This topic provides a best practice to detect and remove Trojans in the Linux operating system.

Background information

When your Linux operating system has vulnerabilities or lacks protection, Trojans may be implanted into your system. After Trojans are removed, you must improve system security by using multiple measures, such as security patches, system permission control, operation audits, and log analysis.

Step 1: Use Security Center to detect Trojans

  1. Respond to Security Center alerts promptly and remove the detected Trojans. For more information, see View and handle security events.
  2. Fix vulnerabilities to improve system security as soon as possible. For more information, see Linux software vulnerabilities.

Step 2: Query attack details

  • Run the last and lastlog commands to query the last logon and the relevant account. This helps you find exceptions.
  • Run the grep -i Accepted /var/log/secure command to query the IP addresses that remotely logged on to your system.
  • Run the following commands to query cron jobs:
  • Run the find / -ctime 1 command to query the last update of the file status. This helps you find Trojan files.
  • Check the /etc/passwd and /etc/shadow files for malicious users.
  • Check the /tmp, /vat/tmp, and /dev/shm temporary directories. The permission of these directories is 1777. Therefore, these directories can be easily used to upload Trojan files.
  • Check for exceptions in logs of services such as Tomcat and NGINX, whose service ports are accessible from the Internet.
  • Run the service --status-all | grep running command to check whether exceptions exist in services that are running.
  • Run the chkconfig --list | grep :on command to check whether exceptions exist in services that automatically start.
  • Run the ls -lt /etc/init.d/ | head command to check whether abnormal startup scripts exist.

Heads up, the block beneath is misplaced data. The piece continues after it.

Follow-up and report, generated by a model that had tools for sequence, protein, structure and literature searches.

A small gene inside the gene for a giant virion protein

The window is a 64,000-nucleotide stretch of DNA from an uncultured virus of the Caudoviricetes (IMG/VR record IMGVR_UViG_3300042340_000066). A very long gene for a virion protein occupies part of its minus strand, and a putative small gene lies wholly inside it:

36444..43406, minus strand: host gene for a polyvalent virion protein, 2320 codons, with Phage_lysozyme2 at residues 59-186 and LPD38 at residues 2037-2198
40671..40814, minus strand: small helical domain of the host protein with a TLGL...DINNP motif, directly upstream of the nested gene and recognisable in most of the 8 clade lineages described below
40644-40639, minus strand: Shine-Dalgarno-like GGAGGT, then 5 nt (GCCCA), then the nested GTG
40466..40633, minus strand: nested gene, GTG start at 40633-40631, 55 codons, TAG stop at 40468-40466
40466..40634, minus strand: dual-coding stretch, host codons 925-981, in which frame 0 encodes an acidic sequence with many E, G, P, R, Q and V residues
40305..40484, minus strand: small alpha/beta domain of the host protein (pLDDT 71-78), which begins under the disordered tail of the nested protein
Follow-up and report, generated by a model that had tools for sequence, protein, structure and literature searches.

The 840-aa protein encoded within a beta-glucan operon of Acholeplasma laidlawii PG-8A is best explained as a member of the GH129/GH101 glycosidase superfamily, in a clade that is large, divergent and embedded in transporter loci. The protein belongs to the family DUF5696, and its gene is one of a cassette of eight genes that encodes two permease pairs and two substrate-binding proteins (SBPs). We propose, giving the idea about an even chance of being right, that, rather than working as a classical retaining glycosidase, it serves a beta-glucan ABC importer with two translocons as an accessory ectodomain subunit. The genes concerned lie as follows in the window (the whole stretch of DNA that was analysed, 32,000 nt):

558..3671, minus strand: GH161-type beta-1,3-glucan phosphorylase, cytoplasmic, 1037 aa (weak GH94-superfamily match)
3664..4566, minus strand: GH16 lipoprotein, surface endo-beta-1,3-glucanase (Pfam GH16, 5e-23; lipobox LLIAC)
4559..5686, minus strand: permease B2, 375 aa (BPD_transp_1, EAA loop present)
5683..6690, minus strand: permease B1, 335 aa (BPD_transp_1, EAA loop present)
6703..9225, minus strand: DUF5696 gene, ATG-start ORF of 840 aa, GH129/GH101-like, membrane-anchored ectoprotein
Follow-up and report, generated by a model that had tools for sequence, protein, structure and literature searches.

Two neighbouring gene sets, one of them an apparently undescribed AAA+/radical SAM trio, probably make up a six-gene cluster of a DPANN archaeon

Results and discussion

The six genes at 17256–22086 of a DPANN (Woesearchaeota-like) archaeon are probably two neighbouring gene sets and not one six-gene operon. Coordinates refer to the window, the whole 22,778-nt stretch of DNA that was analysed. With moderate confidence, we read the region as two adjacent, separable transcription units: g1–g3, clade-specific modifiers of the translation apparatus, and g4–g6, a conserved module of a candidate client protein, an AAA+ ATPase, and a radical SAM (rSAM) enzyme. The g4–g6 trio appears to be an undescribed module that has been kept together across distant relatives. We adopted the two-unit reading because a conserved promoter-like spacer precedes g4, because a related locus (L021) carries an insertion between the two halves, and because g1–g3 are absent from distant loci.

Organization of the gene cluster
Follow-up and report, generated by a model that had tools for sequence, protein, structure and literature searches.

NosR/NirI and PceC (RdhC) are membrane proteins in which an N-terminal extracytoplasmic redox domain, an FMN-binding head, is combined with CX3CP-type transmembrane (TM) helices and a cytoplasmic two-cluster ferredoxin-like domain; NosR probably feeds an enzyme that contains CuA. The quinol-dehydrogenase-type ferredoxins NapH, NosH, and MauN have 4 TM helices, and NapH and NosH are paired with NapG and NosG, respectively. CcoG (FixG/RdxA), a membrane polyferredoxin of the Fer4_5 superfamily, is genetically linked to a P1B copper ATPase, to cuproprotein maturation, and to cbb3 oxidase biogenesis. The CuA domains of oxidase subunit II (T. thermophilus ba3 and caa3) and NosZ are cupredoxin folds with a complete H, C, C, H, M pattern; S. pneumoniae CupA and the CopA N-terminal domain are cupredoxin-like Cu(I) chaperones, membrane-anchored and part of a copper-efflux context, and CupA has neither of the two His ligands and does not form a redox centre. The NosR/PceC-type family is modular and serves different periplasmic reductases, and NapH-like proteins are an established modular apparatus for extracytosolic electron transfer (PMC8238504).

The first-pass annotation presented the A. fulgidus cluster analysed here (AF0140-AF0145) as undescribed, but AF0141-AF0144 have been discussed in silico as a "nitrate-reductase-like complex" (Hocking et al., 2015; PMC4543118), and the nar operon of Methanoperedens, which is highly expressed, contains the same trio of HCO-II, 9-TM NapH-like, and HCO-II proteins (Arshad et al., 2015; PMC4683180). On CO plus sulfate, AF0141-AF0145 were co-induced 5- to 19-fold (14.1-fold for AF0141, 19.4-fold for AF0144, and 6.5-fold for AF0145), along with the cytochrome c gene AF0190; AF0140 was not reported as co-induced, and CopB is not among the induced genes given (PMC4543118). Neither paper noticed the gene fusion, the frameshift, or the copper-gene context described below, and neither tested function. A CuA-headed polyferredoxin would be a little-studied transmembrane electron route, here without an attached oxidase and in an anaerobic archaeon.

Step 3: Run commonly used Trojan scan commands

Command Function
ps and top You can run these commands to query the status of the running processes and the system resource usage. This helps you find abnormal processes.
pstree You can run this command to display the relationship among processes in a tree map.
lsof You can run this command to query folders and files opened by a process, processes that used a directory or port, and all the open ports in the system.
netstat You can run this command to query all the ports monitored by the system, network connection status, and IP addresses that have established excessive connections.
iftop You can run this command to monitor the network traffic forwarded through TCP connections in real time. This helps you distinguish between and sort inbound and outbound traffic, and find IP addresses that have abnormal network traffic.
nethogs You can run this command to monitor the network traffic used by each process and sort the processes by traffic volume in descending order.
strace You can run this command to trace system calls requested by a specific process. This helps you analyze the running status of Trojans.
strings You can run this command to output strings of printable characters in files. This helps you analyze Trojans.